Since it’s a luxury brand, Tiffany & Co.’s (TIF) products are priced high, with no pricing promotions. Thus, Tiffany products may be out of reach for many customers.
Jewelry companies (XRT) face seasonality in their sales, with most sales happening during the holiday season in November and December. Tiffany generates one-third of its annual revenue from the December quarter. Signet Jewelers (SIG) generates approximately 40% of its annual sales from the December quarter.
Fossil (FOSL) also witnesses seasonality in its business. A weak showing in the holiday season may considerably impact these companies’ annual sales.
Limited geographic expansion
Net sales for Tiffany rose 5.4% in fiscal 2014. However, only 6% of growth came from the Americas, while the highest growth of 10% came from the Asia-Pacific region on a constant-exchange-rate basis.
52% of Tiffany’s sales come from regions other than the Americas. In 2014, the company opened only one store in the Asia-Pacific region as opposed to three stores in the Americas. The Americas have the highest number of retail stores, with 122 out 295 total stores.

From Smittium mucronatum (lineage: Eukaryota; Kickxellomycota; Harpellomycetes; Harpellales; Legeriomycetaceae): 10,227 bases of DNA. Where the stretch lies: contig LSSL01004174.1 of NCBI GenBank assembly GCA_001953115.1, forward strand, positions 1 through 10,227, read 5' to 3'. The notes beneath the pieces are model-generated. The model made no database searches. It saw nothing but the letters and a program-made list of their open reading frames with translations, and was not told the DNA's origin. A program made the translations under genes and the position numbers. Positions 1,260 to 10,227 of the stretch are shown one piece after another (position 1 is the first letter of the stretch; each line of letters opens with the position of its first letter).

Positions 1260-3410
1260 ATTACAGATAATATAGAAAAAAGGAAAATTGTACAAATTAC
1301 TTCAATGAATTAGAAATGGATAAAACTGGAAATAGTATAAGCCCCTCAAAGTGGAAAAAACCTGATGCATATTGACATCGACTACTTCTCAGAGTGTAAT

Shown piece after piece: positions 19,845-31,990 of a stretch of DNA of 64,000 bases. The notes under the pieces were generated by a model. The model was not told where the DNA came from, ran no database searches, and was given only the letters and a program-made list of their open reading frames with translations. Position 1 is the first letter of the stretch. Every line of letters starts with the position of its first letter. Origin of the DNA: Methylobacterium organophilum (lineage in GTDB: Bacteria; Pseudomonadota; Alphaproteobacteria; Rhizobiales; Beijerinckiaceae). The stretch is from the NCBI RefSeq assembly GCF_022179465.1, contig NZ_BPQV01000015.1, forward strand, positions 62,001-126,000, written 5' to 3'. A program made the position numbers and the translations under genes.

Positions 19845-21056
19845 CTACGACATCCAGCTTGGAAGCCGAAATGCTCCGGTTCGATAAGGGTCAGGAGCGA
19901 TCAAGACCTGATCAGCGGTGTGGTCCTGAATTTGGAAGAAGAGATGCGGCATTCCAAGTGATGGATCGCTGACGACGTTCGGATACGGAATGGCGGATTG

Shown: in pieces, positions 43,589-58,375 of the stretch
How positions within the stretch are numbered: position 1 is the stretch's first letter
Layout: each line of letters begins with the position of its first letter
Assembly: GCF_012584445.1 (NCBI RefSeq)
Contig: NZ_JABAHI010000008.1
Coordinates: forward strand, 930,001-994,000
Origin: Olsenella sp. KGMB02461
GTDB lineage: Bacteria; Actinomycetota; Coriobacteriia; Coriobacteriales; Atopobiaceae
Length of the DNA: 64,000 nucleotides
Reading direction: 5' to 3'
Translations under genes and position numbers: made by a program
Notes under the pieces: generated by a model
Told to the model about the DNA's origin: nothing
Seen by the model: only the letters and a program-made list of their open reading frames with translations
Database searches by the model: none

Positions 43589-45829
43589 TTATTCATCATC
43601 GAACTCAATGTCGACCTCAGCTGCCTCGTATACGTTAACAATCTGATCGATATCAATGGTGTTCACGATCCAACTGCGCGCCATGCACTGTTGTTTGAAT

Though the US ranks first in demand for diamond jewelry, China and India are the two fastest-growing jewelry markets in the world. Tiffany is focused on further growth in the Asia-Pacific region. Currently, it has only 26 stores in China and no presence in India.
No credit facility
In-house credit facility represents 35%–50% of total jewelry sales. Tiffany and its peer Fossil (FOSL) don’t offer credit facility to their customers, unlike Signet Jewelers (SIG), where credit sales account for 41.9% of Signet’s total sales.
Combined, Tiffany & Co. and Signet constitute 0.11% of the SPDR S&P 500 ETF (SPY).
Visit Market Realist for more on Specialty Retail and Overview of Signet Jewelers.